group of scientists led by David McKay of the NASA Johnson Space
Center claimed that the rock showed traces of fossilized
microorganisms akin to Earth's bacteria; a decade later researchers
are still debating whether the meteorite contains evidence of
Martian life. - click below images to enlarge)
By studying the magnetic properties of the meteorites
and the composition of the gases trapped within them, Weiss and his
collaborators found that ALH84001 and at least two of the seven nakhlites discovered so far were not heated more than a few hundred
degrees Celsius since they were part of the Martian surface.
Furthermore, the fact that the nakhlites are nearly pristine rocks,
untouched by high-pressure shock waves, implies that the Martian
impact did not heat them above 100 degrees C.
Many, though not all, terrestrial prokaryotes (simple one-celled
organisms such as bacteria that lack a membrane-bound nucleus) and
eukaryotes (organisms with well-defined nuclei) could survive this
temperature range. This result was the first direct experimental
evidence that material could travel from planet to planet without
being thermally sterilized at any point from ejection to landing.
Problem of Radiation
For panspermia to occur, however, microorganisms need to survive not
only ejection from the first planet and atmospheric entry to the
second but the interplanetary voyage itself. Life-bearing meteoroids
and dust particles would be exposed to the vacuum of space, extremes
in temperature and several different kinds of radiation.
particular concern is the sun's high-energy ultraviolet (UV) light,
which breaks the bonds that hold together the carbon atoms of
organic molecules. It is very easy to shield against UV, though;
just a few millionths of a meter of opaque material is enough to
Indeed, a European study using NASA's Long Duration Exposure
Facility (LDEF), a satellite deployed by the space shuttle in 1984
and retrieved from orbit by the shuttle six years later, showed that
a thin aluminum cover afforded adequate UV shielding to spores of
the bacterial species Bacillus subtilis.
Of the spores protected by
the aluminum but exposed to the vacuum and temperature extremes of
space, 80 percent remained viable -- researchers reanimated them into
active bacterial cells at the end of the mission. As for the spores
not covered by aluminum and therefore directly exposed to solar UV
radiation, most were destroyed, but not all.
About one in 10,000
unshielded spores stayed viable, and the presence of substances such
as glucose and salts increased their survival rates. Even within an
object as small as a dust particle, solar UV would not necessarily
render an entire microbial colony sterile. And if the colony were
inside something as large as a pebble, UV protection would be
Informative as it was, the LDEF study was conducted in low Earth
orbit, well within our planet's protective magnetic field. Thus,
this research could not say much about the effects of interplanetary
charged particles, which cannot penetrate Earth's magnetosphere.
From time to time, the sun produces bursts of energetic ions and
electrons; furthermore, charged particles are a major component of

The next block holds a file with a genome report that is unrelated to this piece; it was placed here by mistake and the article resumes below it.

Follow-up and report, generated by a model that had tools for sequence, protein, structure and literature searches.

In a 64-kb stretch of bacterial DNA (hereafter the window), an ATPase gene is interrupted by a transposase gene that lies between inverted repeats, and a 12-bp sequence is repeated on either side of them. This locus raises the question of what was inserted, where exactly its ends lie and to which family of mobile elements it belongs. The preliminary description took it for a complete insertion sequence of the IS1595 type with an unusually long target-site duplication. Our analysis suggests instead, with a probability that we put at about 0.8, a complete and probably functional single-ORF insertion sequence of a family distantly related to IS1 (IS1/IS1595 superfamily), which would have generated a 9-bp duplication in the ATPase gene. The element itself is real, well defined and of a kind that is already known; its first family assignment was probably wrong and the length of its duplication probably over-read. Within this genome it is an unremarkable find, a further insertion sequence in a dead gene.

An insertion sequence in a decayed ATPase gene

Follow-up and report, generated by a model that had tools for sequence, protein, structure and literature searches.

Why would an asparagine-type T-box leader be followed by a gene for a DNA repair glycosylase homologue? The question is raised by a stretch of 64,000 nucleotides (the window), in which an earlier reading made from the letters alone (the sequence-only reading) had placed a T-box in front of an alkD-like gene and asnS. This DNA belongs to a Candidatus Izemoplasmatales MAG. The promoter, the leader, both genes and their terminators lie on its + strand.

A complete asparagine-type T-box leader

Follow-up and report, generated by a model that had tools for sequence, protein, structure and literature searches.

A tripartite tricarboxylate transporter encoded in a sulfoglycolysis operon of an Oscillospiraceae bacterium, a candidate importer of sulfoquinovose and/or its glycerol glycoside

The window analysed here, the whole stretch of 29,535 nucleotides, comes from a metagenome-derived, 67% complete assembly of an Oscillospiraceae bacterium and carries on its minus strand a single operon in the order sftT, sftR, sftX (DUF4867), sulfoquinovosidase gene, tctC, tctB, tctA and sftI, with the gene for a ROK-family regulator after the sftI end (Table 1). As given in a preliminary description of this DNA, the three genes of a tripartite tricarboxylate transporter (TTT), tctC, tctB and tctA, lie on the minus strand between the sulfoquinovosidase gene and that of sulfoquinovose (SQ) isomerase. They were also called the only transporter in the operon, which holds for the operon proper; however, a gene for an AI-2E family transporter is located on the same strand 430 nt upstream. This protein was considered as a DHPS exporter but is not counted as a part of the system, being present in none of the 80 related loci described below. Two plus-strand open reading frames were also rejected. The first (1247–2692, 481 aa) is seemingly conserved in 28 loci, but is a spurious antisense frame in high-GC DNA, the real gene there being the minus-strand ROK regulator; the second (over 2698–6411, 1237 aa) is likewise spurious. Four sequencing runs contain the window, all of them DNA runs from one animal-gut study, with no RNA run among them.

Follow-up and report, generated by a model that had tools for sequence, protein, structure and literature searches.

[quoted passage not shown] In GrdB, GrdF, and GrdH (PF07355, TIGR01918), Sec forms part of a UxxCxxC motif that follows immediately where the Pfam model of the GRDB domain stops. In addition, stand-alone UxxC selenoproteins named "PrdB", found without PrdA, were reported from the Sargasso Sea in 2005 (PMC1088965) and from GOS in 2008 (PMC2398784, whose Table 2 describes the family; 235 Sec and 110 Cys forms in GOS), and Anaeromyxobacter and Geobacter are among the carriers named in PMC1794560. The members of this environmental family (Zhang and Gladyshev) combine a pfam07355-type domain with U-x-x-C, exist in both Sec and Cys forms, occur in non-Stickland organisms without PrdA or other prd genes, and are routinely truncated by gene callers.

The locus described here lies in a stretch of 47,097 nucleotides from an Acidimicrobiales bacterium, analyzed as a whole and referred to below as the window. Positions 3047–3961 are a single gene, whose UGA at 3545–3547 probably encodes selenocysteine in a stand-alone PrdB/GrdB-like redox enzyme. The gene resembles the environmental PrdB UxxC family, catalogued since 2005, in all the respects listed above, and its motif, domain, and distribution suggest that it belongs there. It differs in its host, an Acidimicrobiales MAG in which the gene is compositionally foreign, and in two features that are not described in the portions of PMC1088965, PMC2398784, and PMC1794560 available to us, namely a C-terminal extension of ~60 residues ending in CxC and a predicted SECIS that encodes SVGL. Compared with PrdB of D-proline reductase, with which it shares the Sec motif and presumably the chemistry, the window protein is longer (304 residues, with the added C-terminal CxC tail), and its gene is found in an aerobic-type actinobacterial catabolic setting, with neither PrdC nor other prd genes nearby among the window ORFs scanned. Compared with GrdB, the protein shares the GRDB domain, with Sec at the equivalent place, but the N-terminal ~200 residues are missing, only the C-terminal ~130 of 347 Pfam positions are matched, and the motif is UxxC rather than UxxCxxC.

the galactic cosmic radiation that constantly bombards our solar
Protecting living things from charged particles, as well as
from high-energy radiation such as gamma rays, is trickier than
shielding against UV. A layer of rock just a few microns thick
blocks UV, but adding more shielding actually increases the dose of
other types of radiation. The reason is that charged particles and
high-energy photons interact with the rocky shielding material,
producing showers of secondary radiation within the meteorite.
These showers could reach any microbes inside the rock unless it was
very big, about two meters or more in diameter. As we have noted
above, though, large rocks make fast interplanetary voyages very
infrequently. Consequently, in addition to UV protection, what
really matters is how resistant a microbe is to all components of
space radiation and how quickly the life-bearing meteorite moves
from planet to planet. The shorter the journey, the lower the total
radiation dose and hence the greater the chance of survival.
In fact, B. subtilis is fairly robust in terms of its radiation
resistance. Even more hardy is Deinococcus radiodurans, a bacterial
species that was discovered during the 1950s by agricultural
scientist Arthur W. Anderson. This organism survives radiation doses
given to sterilize food products and even thrives inside nuclear
reactors. The same cellular mechanisms that help D. radiodurans
repair its DNA, build extra-thick cell walls and otherwise protect
itself from radiation also mitigate damage from dehydration.
Theoretically, if organisms with such capabilities were embedded
within material catapulted from Mars the way that the nakhlites and
ALH84001 apparently were (that is, without excessive heating), some
fraction of the organisms would still be viable after many years,
perhaps several decades, in interplanetary space.
Yet the actual long-term survival of active organisms, spores or
complex organic molecules beyond Earth's magne-tosphere has never
been tested. Such experiments, which would put the biological
materials within simulated meteoritic materials and expose them to
the environment of interplanetary space, could be conducted on the
surface of the moon. In fact, biological samples were carried
onboard the Apollo lunar missions as part of an early incarnation of